Effectiveness Not Established


for Mucositis

Turmeric, also known as Curcuma longa, is a common spice native to India and other tropical regions. It is frequently used in Asian cooking. The active ingredient, curcumin, is believed to have anti-inflammatory and antioxidant properties.

Research Evidence Summaries

Rao, S., Dinkar, C., Vaishnav, L.K., Rao, P., Rai, M.P., Fayad, R., & Baliga, M.S. (2013). The Indian spice turmeric delays and mitigates radiation-induced oral mucositis in patients undergoing treatment for head and neck cancer: An investigational study. Integrative Cancer Therapies, 13, 201–210.

Study Purpose

To evaluate the efficacy of turmeric in preventing radiation-induced mucositis. Secondary endpoints included the efficacy of turmeric rinses on treatment breaks and weight loss.

Intervention Characteristics/Basic Study Process

The trial held the same recommended oral care for the treatment and comparison groups. Participants also were asked to swish after oral intake and wait 30 minutes to eat after swishing with the prescribed solution. The treatment group (turmeric rinses) was instructed to have a caregiver dissolve the contents of one 400 mg capsule of turmeric in 80 ml of boiled and cooled water. The patient was then instructed to swish 10 ml of the solution one hour prior to radiation; one, two, four, and six hours after radiation; and at HS. The comparison group was instructed to mix a povidone-iodine solution at 1 ml Betadine® to 100 ml water and swish 10 ml twice per day for six weeks.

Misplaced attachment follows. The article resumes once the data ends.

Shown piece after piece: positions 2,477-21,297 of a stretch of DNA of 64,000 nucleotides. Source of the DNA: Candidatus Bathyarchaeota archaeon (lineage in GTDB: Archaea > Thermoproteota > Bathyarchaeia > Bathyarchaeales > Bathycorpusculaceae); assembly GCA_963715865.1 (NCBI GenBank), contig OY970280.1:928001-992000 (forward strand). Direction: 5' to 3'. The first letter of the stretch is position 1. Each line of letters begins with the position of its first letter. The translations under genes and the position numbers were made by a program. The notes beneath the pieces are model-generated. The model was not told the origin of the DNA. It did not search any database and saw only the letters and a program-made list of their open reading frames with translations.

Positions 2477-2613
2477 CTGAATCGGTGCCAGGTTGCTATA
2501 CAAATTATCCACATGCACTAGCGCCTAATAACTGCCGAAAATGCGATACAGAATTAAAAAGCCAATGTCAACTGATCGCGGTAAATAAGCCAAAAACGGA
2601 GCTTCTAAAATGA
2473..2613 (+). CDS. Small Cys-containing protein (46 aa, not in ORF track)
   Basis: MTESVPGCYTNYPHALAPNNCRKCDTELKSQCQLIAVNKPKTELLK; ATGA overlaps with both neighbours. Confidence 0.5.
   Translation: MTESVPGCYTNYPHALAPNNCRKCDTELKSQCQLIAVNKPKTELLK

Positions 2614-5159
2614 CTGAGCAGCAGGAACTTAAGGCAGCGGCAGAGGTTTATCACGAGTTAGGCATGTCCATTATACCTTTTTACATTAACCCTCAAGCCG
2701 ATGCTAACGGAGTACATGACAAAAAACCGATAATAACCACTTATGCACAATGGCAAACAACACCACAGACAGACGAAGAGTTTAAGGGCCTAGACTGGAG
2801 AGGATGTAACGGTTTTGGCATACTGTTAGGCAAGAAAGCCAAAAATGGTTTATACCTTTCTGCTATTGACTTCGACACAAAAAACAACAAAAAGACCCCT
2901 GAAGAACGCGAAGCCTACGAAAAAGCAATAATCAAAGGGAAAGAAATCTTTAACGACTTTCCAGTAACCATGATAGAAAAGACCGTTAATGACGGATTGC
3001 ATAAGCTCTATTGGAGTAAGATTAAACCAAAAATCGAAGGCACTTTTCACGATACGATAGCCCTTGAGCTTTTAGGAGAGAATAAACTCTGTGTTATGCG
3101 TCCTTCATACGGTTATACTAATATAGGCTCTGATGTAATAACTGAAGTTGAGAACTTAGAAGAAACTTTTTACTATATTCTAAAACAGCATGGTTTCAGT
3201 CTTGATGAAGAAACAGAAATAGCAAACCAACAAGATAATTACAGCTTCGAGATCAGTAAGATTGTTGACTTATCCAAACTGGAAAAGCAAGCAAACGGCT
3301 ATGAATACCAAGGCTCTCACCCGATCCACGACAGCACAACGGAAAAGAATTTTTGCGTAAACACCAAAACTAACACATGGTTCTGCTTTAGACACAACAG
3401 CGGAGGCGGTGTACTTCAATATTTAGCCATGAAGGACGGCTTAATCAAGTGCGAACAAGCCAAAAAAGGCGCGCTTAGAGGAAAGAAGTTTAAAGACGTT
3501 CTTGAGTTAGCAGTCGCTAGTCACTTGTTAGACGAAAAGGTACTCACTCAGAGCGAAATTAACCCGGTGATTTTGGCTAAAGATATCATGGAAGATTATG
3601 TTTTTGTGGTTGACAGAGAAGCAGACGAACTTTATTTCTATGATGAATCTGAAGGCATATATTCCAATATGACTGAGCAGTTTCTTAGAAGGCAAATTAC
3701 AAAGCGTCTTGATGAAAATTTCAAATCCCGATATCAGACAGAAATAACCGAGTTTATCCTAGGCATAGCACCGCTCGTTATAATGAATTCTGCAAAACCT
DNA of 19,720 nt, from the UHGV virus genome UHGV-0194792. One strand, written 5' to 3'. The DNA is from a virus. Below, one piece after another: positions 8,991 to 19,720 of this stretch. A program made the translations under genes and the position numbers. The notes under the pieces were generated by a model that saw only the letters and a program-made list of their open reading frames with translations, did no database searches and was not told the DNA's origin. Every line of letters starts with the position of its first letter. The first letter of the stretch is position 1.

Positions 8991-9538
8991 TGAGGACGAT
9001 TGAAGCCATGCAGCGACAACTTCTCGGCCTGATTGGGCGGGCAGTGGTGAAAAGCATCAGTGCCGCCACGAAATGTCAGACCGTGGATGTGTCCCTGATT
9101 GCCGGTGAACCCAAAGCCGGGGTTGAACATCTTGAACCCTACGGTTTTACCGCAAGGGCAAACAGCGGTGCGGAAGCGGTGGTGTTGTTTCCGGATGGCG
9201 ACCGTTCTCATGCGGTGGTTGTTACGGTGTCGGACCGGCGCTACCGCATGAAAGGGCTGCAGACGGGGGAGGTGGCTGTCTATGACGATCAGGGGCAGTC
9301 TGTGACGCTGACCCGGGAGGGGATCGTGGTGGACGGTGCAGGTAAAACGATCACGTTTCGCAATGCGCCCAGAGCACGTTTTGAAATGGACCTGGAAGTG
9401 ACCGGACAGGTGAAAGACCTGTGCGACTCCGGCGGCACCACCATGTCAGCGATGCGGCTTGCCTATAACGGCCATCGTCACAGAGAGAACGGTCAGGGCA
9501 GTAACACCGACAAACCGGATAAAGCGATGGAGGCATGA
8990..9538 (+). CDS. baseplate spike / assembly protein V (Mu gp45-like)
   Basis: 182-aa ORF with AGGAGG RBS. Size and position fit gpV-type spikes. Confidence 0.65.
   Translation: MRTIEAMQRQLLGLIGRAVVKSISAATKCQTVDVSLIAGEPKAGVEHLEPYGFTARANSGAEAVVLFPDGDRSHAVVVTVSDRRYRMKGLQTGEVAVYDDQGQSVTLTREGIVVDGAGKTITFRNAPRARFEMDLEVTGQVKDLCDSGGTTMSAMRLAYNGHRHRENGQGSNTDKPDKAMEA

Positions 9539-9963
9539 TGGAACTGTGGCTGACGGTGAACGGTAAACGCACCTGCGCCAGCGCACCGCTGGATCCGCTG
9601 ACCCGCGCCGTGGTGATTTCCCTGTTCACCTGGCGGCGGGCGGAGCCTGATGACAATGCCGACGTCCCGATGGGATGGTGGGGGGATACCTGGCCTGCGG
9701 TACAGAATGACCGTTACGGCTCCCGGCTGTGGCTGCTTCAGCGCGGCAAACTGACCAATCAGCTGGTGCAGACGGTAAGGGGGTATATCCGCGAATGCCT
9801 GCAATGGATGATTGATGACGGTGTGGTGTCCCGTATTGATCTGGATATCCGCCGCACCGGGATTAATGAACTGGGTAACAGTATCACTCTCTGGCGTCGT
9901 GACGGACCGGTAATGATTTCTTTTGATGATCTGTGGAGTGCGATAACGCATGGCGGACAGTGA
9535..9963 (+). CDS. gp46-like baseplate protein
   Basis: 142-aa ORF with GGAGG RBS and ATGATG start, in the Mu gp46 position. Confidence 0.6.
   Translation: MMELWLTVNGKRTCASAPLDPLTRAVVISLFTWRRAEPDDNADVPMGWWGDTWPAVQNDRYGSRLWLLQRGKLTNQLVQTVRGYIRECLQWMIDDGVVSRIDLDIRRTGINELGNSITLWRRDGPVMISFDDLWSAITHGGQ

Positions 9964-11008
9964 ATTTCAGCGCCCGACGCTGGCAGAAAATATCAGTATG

Sample Characteristics

  • N = 80   
  • AGE: Older than or equal to 18 years
  • MEAN AGE: Treatment group: 56.8 years, comparison group: 55.08 years
  • MALES: 80%, FEMALES: 20%
  • KEY DISEASE CHARACTERISTICS: Patients with head and neck cancer undergoing 70 Gy radiation or radiation plus chemotherapy
  • OTHER KEY SAMPLE CHARACTERISTICS: No oral surgery six weeks prior to study; no previous treatment to head or neck; no high doses of non-steroidal anti-inflammatory drugs; no poorly controlled DM; no hypertension, schizophrenia, bipolar disease, or severe depression


  • SITE: Single site   
  • SETTING TYPE: Outpatient    
  • LOCATION: Mangalore Institute of Oncology, Mangalore, India

Phase of Care and Clinical Applications

  • PHASE OF CARE: Active antitumor treatment

Study Design

  • Single-center, investigator-blinded, randomized controlled trial

Measurement Instruments/Methods

  • Radiation Therapy Oncology Group oral mucositis grading system


There was a significantly (p < 0.0001) lower rate of intolerable mucositis (grades 3 and 4) in the turmeric group. There was no significant change in treatment days lost between groups. Weight loss in the turmeric group was less (p < 0.001).


Turmeric rinses are beneficial in reducing grade 3 and 4 mucositis in patients with head and neck cancer undergoing chemotherapy or chemotherapy and carboplatin, compared with twice-daily povidone-iodine rinses.


  • Small sample (< 100)
  • Risk of bias (no blinding)
  • Findings not generalizable
  • Other limitations/explanation: Comparison of povidone-iodine twice-daily rinses might not be a fair comparison, as there is not good evidence thus far that povidone-iodine rinses are a good treatment for preventing oral mucositis. Additionally, the patients clearly were not blinded. Lastly, twice-a-day rinsing versus six-times-a-day rinsing does not seem to be an appropriate comparison.

Nursing Implications

Turmeric rinses may provide some protection against oral mucositis for patients with head and neck cancer undergoing radiation and radiation plus chemotherapy; however, more research is needed. The treatment was reported as well tolerated, and there was no mention of adverse side effects.